Collaboration between Penn State, University of California Davis/MIND Institute, and the University of Washington gained strides towards early detection and prevention with the identification of increased genetic change in concentrated areas of the genome that influence DNA structure in children with Autistic Spectrum Disorders. The study weighs the nature versus nurture debates among current autism research. Conducted under the umbrella of the CHARGE study, sponsored by the National Institute of Environmental Health Sciences, the research findings support the argument that genetics outweigh environment. Springing from previous research revealing rare DNA deletions or duplications among up to 10 percent of those with autism, this study found that more common DNA are also being duplicated excessively in the genome of autistic children creating concentrated areas of rapid change. Further, these researchers found that those children with the greatest DNA duplication throughout their genome had more difficulty with daily living skills, suggesting a direct correlation between this excessive DNA growth and developmental disability and shedding light on the discrepancies within the Autism Spectrum Disorders. Dr. Selleck of Penn State explains the findings in an article for Medical News Today saying, “the increased levels of both rare and common variants suggests the possibility that these individuals are predisposed to genetic alteration.” The research will be published in the journal Human Molecular Genetics.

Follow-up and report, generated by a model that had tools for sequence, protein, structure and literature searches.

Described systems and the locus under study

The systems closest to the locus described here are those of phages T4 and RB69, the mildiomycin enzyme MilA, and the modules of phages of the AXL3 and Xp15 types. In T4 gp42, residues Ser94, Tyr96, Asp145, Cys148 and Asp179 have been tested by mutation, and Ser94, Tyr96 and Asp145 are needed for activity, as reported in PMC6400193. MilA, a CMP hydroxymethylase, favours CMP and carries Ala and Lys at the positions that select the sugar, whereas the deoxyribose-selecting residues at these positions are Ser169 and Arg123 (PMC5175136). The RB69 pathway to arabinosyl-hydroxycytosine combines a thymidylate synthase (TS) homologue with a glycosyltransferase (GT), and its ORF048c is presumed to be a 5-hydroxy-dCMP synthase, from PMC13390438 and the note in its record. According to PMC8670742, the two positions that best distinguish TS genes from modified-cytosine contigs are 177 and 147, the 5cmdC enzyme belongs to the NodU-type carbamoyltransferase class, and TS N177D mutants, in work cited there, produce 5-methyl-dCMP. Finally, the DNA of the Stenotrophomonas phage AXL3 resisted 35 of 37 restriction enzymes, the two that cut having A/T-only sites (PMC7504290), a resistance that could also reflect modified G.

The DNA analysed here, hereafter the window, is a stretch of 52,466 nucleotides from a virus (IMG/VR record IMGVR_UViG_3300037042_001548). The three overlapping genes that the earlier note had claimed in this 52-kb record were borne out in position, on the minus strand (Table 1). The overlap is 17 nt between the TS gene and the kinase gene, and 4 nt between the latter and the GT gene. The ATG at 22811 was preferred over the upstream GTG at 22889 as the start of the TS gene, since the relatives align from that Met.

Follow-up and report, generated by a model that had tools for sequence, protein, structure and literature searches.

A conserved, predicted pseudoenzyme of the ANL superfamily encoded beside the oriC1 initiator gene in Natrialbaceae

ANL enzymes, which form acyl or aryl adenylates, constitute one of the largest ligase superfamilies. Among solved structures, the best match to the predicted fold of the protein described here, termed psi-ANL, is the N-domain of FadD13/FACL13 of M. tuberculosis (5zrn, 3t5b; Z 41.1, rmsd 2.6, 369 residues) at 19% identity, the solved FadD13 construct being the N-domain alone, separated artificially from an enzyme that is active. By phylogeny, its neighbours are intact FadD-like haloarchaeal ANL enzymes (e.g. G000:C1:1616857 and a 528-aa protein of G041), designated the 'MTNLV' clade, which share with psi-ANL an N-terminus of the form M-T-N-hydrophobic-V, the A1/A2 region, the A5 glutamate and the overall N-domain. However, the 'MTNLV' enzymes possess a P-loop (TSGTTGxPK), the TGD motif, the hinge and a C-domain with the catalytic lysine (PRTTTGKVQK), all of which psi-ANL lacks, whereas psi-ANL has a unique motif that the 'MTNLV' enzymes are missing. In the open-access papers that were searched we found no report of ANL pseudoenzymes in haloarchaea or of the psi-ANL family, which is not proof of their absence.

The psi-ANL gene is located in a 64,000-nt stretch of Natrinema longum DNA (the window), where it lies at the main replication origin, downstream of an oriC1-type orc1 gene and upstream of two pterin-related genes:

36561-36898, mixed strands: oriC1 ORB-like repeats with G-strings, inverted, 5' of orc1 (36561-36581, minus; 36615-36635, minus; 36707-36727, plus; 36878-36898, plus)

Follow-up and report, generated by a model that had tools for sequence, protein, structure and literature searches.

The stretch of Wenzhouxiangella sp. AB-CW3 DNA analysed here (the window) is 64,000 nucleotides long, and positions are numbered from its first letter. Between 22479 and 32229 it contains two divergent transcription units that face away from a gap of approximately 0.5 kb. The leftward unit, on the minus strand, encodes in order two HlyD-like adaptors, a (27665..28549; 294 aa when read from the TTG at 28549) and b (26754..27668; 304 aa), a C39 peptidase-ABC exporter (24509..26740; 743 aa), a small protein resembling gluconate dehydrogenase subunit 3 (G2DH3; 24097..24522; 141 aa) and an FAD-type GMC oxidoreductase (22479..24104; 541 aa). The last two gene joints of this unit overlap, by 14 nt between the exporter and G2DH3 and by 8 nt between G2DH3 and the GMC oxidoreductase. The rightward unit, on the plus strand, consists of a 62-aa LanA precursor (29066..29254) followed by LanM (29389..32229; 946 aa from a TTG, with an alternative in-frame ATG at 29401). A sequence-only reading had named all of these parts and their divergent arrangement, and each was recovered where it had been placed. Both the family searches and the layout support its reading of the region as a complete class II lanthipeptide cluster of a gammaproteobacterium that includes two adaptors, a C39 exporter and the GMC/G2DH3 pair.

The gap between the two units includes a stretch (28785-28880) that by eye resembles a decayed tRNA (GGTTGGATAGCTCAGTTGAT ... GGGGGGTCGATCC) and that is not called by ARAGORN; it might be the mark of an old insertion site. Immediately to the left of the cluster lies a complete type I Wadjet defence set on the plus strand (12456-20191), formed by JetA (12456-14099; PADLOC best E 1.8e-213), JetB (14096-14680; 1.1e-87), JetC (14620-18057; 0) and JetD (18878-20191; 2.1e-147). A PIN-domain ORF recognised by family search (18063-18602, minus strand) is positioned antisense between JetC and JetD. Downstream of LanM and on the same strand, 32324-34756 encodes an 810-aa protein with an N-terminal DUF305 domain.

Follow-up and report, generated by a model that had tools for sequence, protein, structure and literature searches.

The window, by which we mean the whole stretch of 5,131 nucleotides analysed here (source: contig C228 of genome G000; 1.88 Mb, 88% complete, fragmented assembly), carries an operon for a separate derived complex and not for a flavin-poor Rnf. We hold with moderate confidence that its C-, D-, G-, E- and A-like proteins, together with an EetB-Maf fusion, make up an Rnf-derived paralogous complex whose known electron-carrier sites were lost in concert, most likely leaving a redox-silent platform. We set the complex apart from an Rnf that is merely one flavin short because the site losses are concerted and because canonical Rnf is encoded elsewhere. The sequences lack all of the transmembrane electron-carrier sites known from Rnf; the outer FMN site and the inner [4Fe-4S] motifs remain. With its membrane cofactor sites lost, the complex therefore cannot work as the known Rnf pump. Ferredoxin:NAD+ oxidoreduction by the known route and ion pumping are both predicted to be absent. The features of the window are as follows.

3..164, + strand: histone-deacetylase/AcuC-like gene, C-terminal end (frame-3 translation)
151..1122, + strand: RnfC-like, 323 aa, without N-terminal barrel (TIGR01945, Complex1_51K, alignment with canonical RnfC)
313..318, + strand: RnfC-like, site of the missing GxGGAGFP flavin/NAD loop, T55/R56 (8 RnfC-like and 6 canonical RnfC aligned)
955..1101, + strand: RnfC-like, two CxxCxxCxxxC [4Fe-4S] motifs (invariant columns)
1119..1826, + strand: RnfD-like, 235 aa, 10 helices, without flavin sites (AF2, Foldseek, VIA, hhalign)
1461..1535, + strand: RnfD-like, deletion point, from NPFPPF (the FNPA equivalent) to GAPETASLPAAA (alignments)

For more information, visit:
“Link Between Autism And Increased Genetic Change in Regions Of Genome Instability.” Medical News Today. N.p., 4 Apr. 2013. Web. 4 Apr. 2013. <http://www.medicalnewstoday.